JED - March 2011 - (Page 6)

the view f ro m h e re THE FUTURE OF LAND EW MARCH 2011 • Vol. 34, No. 3 EDITORIAL STAFF Editor: John Knowles Managing Editor: Elaine Richardson Senior Editor: Glenn Goodman Assistant Editor: Jon Pasierb Technical Editor: Ollie Holt Contributing Writers: Dave Adamy, John Clifford, Barry Manz, Luca Peruzzi, Tom Withington Marketing & Research Coordinator: Allie Hansen Sales Administration: Esther Biggs EDITORIAL ADVISORY BOARD D 6 The Journal of Electronic Defense | March 2011 ue to the wars in Afghanistan and Iraq, our concept of EW – especially land EW – has evolved tremendously over the past several years. It is almost impossible to recall how land forces thought (and didn’t think) about EW just a decade ago. Ground commanders, schooled in Cold War concepts of tank battles in open terrain, seemed to have their views of warfare confirmed by the 1991 Gulf War and the 2003 invasion of Iraq. The role of EW was minor in these operation – military intelligence (MI) units could collect COMINT to provide indications and warning to commanders and employ communications electronic attack when needed. This arrangement seemed to work fine in those operations. And then IEDs appeared, forcing ground commanders to think about applying EW below the level of a brigade or a regiment. IEDs drove new questions about how to protect individual vehicles in convoys and individual soldiers patrolling on foot. This was not a problem that could be handled by the MI units. The EW focus began to shift from its historical association with SIGINT units to a new focus on non-kinetic fires. However, IEDs were merely a starting point for new thinking in land EW. At the small unit level, the EW target set includes much more than IEDs. It includes command and control systems, GPS receivers, voice communications from a variety of military and commercial devices and much more. In order to detect, identify and locate these targets, small units need organic electronic support capabilities that can give them a real-time picture of what they are about to encounter in the next 100 meters of the city street they are patrolling or in the village they are entering. They also need to surgically jam these targets when required (again without waiting for MI electronic attack assets to become available.) The evolution of processing power, shrinking EW technologies and automated functions backed by powerful software will soon put this kind of EW capability into the hands of soldiers operating within small units. In essence, land EW (both EA and ES) is no longer limited to the MI units. Some land forces, such as the Royal Marines, the British Army and the US Marine Corps, seem to recognize this trend and they are aligning their EW and tactical SIGINT units more closely with their operational staffs and fires centers. Very often, especially with EW, the lessons learned during a conflict are too easily forgotten once the shooting stops. I am hopeful, however, that land EW concepts will continue to evolve and mature under the leadership of officers who used EW and depended on it every time they went on patrol or led a convoy. Regardless of what land forces do in EW, one factor is certain to remain constant – the EM threats they face will continue to evolve. – John Knowles Mr. Tom Arseneault President, Electronic Solutions, BAE Systems Mr. Roy Azevedo Vice President, Advanced Concepts and Technology, Raytheon Space and Airborne Systems Mr. Chris Bernhardt President, ITT Electronic Systems Maj Gen Bruno Berthet Deputy Director for International Development, DGA, French MOD Mr. Pierre-Yves Chaltiel Senior Vice President, Solutions for the Government Sector, Thales Aerospace Lt Col Dean Ebert Warfighter Integration, Aviation Weapons Requirements Branch, HQ USMC Mr. Gabriele Gambarara Elettronica S.p.A. Mr. Tony Grieco Former Deputy for Electronic Warfare, OSD Mr. Itzchak Gat CEO, Elisra CAPT John Green Commander, EA-6B Program Office (PMA-234), NAVAIR, USN Mr. Ron Hahn VP, EM Spectrum Strategies, URS Corp. Mr. Micael Johansson Senior Vice President and Head of Business Area, Electronic Defence Systems, Saab Mr. Anthony Lisuzzo Director, Intelligence and Information Warfare Directorate, CERDEC, USA CAPT Paul Overstreet Commander, ATAPS Program Office (PMA-272), NAVAIR, USN Mr. Jeffrey Palombo Senior VP and GM, Land and Self-Protection Systems Division, Electronic Systems, Northrop Grumman Corp. Rep. Joe Pitts (Honorary Member) US Congress, Founding Member, EW Working Group Mr. Kerry Rowe President and COO, Argon ST Wg Cdr P.J. Wallace Military Strategic Planning 2, International Policy and Planning, UK MOD Mr. Richard Wittstruck Chief Engineer, PEO Intelligence, Electronic Warfare and Sensors, USA Mr. Walter Wolf Chairman, JED Committee, AOC PRODUCTION STAFF Layout & Design: Barry Senyk Advertising Art: Jean-Baptiste Bonnelame Contact the Editor: (978) 509-1450, Contact the Sales Manager: (800) 369-6220, ext. 3407, or (352) 333-3407 Subscription Information: Please contact Glorianne O’Neilin at (703) 549-1600 or e-mail The Journal of Electronic Defense is published for the AOC by Naylor, LLC 5950 NW 1st Place Gainesville, FL 32607 Phone: (800) 369-6220 • Fax: (352) 331-3525 ©2011 Association of Old Crows/Naylor, LLC. All rights reserved. The contents of this publication may not be reproduced by any means, in whole or in part, without the prior written authorization of the publisher. Editorial: The articles and editorials appearing in this magazine do not represent an official AOC position, except for the official notices printed in the “Association News” section or unless specifically identified as an AOC position. PUBLISHED MARCH 2011/JED-M0311/5292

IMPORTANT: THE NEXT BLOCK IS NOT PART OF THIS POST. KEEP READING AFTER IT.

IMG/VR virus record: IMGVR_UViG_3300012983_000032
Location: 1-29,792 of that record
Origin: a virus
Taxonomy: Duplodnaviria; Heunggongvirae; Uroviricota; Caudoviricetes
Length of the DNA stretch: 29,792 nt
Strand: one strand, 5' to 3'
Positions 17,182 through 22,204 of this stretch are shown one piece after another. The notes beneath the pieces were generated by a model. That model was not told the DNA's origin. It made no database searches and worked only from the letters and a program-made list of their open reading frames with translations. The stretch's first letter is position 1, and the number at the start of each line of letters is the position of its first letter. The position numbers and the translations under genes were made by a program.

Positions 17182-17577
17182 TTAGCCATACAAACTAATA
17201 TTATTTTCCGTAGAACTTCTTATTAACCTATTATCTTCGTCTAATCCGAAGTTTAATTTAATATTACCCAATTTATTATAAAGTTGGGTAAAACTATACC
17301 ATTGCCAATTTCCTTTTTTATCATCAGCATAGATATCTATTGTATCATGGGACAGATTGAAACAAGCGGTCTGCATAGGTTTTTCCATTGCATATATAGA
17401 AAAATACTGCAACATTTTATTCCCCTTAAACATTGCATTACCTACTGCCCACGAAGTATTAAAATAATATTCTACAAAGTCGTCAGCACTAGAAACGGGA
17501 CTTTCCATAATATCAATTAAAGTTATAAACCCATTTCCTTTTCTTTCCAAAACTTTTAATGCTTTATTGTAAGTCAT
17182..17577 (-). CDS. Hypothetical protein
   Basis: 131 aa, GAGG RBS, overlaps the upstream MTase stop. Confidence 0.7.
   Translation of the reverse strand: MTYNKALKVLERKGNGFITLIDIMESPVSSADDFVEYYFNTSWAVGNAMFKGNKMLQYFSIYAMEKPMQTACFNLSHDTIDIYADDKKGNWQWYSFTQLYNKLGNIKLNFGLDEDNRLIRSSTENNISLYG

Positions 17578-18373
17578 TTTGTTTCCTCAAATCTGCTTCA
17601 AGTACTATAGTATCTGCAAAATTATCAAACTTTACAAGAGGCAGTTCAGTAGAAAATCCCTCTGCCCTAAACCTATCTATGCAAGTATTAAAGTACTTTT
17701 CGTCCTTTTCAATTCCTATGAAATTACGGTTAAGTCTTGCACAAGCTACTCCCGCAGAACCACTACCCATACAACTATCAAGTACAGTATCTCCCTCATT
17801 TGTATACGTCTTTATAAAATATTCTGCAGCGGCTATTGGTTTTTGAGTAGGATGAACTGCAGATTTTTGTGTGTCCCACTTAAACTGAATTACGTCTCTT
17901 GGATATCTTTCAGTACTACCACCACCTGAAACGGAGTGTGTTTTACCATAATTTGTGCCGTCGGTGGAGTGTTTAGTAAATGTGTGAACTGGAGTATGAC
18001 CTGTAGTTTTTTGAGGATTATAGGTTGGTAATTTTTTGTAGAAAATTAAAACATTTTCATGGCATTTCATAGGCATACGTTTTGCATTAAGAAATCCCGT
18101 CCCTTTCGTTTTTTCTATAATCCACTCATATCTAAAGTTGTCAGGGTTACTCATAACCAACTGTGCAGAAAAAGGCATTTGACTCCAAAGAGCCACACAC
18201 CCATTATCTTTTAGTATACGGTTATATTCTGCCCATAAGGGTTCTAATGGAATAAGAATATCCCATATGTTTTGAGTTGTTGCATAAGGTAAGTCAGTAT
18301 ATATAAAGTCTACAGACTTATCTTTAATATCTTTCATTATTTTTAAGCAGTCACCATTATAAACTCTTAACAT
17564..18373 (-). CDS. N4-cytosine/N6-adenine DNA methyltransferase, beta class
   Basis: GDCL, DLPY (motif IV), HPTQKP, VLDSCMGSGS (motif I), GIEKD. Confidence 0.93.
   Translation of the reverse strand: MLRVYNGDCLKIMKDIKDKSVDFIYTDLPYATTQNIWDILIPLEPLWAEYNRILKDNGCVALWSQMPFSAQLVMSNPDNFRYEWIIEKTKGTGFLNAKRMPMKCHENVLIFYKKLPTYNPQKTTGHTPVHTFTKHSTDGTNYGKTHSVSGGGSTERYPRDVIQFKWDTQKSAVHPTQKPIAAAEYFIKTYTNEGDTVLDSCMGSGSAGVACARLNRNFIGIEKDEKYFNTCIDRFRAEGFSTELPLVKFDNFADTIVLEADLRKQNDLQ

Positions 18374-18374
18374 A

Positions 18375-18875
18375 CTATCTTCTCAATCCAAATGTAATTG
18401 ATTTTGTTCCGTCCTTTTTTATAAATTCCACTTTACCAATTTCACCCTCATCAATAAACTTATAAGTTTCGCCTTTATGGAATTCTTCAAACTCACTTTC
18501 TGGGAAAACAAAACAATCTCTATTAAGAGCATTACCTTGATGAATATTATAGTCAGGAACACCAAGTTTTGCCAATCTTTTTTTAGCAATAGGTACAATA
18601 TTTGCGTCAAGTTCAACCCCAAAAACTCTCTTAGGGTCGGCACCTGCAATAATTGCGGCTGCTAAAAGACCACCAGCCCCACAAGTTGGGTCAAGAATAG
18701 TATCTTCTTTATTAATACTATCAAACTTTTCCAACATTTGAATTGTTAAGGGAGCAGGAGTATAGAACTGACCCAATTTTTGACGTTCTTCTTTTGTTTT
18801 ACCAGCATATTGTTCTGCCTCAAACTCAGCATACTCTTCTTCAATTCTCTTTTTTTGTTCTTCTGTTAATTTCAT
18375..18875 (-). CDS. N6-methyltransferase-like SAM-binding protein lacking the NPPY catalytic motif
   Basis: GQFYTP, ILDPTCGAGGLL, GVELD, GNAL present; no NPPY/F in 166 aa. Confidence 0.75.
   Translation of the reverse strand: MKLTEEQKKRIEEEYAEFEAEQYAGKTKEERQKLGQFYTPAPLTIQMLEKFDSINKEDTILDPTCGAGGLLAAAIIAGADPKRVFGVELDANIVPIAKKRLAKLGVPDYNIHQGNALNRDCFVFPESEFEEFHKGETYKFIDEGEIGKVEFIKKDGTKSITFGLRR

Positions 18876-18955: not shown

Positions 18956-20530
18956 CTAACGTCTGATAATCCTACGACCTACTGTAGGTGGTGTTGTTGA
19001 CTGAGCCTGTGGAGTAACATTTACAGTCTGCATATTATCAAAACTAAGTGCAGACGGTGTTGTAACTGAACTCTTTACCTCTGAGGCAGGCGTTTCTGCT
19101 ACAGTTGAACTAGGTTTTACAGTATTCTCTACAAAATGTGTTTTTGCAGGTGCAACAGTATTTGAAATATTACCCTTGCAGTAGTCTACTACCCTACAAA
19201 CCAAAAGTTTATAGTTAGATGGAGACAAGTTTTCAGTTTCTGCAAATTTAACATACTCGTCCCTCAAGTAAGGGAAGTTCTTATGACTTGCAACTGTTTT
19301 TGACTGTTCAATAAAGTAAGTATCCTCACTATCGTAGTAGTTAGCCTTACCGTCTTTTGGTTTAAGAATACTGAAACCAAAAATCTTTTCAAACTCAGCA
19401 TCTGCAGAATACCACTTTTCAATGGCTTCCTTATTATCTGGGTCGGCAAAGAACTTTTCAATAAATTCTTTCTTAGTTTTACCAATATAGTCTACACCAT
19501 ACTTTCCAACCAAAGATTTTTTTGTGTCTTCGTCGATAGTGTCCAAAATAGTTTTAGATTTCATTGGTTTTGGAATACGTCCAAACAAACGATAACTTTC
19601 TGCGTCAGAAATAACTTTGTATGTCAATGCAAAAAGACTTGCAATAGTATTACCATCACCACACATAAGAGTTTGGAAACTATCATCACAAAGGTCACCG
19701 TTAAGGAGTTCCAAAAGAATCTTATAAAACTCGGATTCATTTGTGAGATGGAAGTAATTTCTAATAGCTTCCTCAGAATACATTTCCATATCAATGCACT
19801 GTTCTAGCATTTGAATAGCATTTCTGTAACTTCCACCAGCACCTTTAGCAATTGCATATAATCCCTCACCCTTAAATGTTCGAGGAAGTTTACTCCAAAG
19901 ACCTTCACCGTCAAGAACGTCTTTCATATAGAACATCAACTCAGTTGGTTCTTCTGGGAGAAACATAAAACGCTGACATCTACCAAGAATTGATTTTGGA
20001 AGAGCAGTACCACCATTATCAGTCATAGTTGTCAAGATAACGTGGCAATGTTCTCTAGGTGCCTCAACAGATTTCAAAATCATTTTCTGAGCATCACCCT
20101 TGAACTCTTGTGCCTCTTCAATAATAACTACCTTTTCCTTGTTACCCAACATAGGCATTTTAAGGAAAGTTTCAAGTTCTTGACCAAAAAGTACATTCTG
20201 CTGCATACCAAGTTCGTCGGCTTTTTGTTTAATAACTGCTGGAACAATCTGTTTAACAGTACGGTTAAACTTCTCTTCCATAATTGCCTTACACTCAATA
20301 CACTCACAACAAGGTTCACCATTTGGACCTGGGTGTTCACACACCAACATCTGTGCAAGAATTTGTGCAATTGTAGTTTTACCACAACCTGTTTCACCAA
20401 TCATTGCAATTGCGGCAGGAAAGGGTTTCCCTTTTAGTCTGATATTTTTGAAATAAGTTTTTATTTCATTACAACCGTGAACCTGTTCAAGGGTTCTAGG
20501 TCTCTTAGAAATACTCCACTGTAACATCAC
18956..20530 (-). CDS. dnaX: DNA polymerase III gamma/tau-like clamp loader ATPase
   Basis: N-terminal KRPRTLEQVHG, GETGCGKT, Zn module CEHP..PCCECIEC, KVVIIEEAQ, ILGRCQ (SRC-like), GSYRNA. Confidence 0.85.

Table of Contents for the Digital Edition of JED - March 2011

JED - March 2011
The View From Here
Conferences Calendar
Courses Calendar
From the President
The Monitor
Washington Report
World Report
Airborne Maritime Patrol
What Electronic Warriors Should Know About Physics, Language and Concepts
Technology Survey: RWR/ESM Systems
EW 101
AOC News
AOC Membership Page
AOC Industry/Institute/University Member Guide
Index of Advertisers
JED Quick Look

JED - March 2011